The prognosis of NB originating from the adrenal glands is poor, while that of NB originating from the thoracic vertebrae is more favorable, with an overall survival rate 38% higher compared with that of adrenal NB (19), which may be due to the lower risk of metastatic spread, non-amplification of the MYCN oncogene and overall favorable molecular biological characteristics. Metastasis is the most important factor in determining the prognosis of patients with NB. If recurrence or progression is suspected, comprehensive evaluation should be made in combination with CT, MRI, 123I-MIBG scintigraphy and positron emission tomography-CT scans (20). The prognosis of patients with NB aged >18 months with MYCN amplification, 1p deletion and 17q increase is poor. Preventing and reducing metastasis is the main clinical challenge in the treatment of NB (21).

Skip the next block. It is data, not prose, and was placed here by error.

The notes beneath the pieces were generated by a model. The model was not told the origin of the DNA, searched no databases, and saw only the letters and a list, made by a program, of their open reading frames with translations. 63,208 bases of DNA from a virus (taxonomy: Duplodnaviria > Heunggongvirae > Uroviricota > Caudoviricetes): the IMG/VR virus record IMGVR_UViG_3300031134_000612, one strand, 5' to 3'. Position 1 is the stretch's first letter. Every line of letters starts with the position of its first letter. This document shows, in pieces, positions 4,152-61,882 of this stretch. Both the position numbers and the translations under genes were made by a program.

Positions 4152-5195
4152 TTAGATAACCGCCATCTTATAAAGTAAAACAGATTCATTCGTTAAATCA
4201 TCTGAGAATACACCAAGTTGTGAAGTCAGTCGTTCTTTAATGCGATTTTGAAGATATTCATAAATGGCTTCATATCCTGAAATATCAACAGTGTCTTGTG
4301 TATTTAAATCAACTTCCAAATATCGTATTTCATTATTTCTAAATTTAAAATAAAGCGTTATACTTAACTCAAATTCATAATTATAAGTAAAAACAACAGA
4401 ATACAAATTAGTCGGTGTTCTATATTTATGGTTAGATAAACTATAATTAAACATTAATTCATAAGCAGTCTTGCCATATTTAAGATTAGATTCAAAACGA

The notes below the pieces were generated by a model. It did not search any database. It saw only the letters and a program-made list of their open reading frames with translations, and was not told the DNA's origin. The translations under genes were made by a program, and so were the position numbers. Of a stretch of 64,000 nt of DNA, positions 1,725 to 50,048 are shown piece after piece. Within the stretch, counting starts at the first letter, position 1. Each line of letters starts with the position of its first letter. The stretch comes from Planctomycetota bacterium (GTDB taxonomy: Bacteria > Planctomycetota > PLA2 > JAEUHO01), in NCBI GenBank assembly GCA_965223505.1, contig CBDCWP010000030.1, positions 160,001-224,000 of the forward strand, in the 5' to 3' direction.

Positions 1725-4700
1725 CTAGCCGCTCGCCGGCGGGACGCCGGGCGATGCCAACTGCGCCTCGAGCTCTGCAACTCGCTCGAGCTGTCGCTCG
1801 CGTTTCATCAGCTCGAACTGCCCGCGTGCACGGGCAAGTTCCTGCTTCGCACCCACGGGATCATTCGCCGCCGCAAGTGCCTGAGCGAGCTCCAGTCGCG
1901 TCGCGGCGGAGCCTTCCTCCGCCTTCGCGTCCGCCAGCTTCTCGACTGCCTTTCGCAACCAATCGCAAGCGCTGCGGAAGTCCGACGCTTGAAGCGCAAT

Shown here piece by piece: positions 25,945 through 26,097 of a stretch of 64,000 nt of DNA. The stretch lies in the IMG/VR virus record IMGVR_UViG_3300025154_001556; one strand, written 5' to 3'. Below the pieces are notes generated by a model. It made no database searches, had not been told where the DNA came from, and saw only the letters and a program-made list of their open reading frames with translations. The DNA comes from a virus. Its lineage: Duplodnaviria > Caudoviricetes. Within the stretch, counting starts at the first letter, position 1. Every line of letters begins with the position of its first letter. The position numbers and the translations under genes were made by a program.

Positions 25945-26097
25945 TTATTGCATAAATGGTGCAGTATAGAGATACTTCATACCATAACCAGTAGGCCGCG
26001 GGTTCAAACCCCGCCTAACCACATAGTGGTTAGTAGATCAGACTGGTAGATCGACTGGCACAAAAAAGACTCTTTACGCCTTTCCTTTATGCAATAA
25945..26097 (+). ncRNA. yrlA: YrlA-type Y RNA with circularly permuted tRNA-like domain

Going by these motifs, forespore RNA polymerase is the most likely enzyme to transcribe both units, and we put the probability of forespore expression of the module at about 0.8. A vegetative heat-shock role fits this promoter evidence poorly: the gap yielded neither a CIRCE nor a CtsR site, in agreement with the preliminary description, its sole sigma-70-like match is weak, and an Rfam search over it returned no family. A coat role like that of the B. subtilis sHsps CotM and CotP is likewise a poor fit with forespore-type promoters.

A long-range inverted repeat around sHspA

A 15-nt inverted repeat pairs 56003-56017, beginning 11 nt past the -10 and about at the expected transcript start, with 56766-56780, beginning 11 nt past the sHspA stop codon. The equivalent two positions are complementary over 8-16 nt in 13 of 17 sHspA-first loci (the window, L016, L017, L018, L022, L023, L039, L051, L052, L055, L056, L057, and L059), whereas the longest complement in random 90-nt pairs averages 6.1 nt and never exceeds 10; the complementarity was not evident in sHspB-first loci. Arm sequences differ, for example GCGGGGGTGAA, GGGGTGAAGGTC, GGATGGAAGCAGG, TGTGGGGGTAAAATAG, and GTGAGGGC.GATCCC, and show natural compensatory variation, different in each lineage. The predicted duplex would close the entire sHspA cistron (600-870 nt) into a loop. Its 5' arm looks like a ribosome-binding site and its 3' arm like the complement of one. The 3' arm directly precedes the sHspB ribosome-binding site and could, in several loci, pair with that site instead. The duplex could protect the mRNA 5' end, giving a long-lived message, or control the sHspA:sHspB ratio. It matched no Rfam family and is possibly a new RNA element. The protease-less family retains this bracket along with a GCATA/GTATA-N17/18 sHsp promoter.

The results of Wevers et al (22) showed that the high-throughput plate microfluidic model of the human blood-brain barrier may be used for drug screening. Due to the expression of human transferrin receptor on brain endothelial cells and the potential to support receptor-mediated transcellular interaction, it is of particular significance in drug targeted therapy. Identifying feasible therapeutic targets is a major challenge in the treatment of adult NB. Drug discovery is a complex and multidisciplinary process. Efficient and high-throughput screening can be used to investigate hundreds of thousands of compounds every day, which can greatly reduce the cost and time of researchers (23). In recent years, some studies have shown that the microfluidic brain microvascular chip device can directionally control cell proliferation under conditions of unidirectional flow. These cell systems exist in the vascular beds of surrounding tissues, such as kidneys or lungs, and verify the barrier function of our brain microvascular chips by measuring the permeability of fluorescent dextran and human monoclonal antibodies to further study the molecular transport mechanism of fluorescence-labeled biological products, viruses or nanoparticles across cells (24). At present, organic compounds in the human brain can be used to simulate the modeling, downstream analysis and application of various diseases. Human brain organic compounds provide a platform for studying the effects of substance or drug abuse on the central nervous system. The brain organic compounds of patients can be implanted with high throughput to test a large number of drugs and identify the most beneficial drugs for patients, which provides a new idea for the treatment of adrenal diseases, such as adrenal NB in adults (25).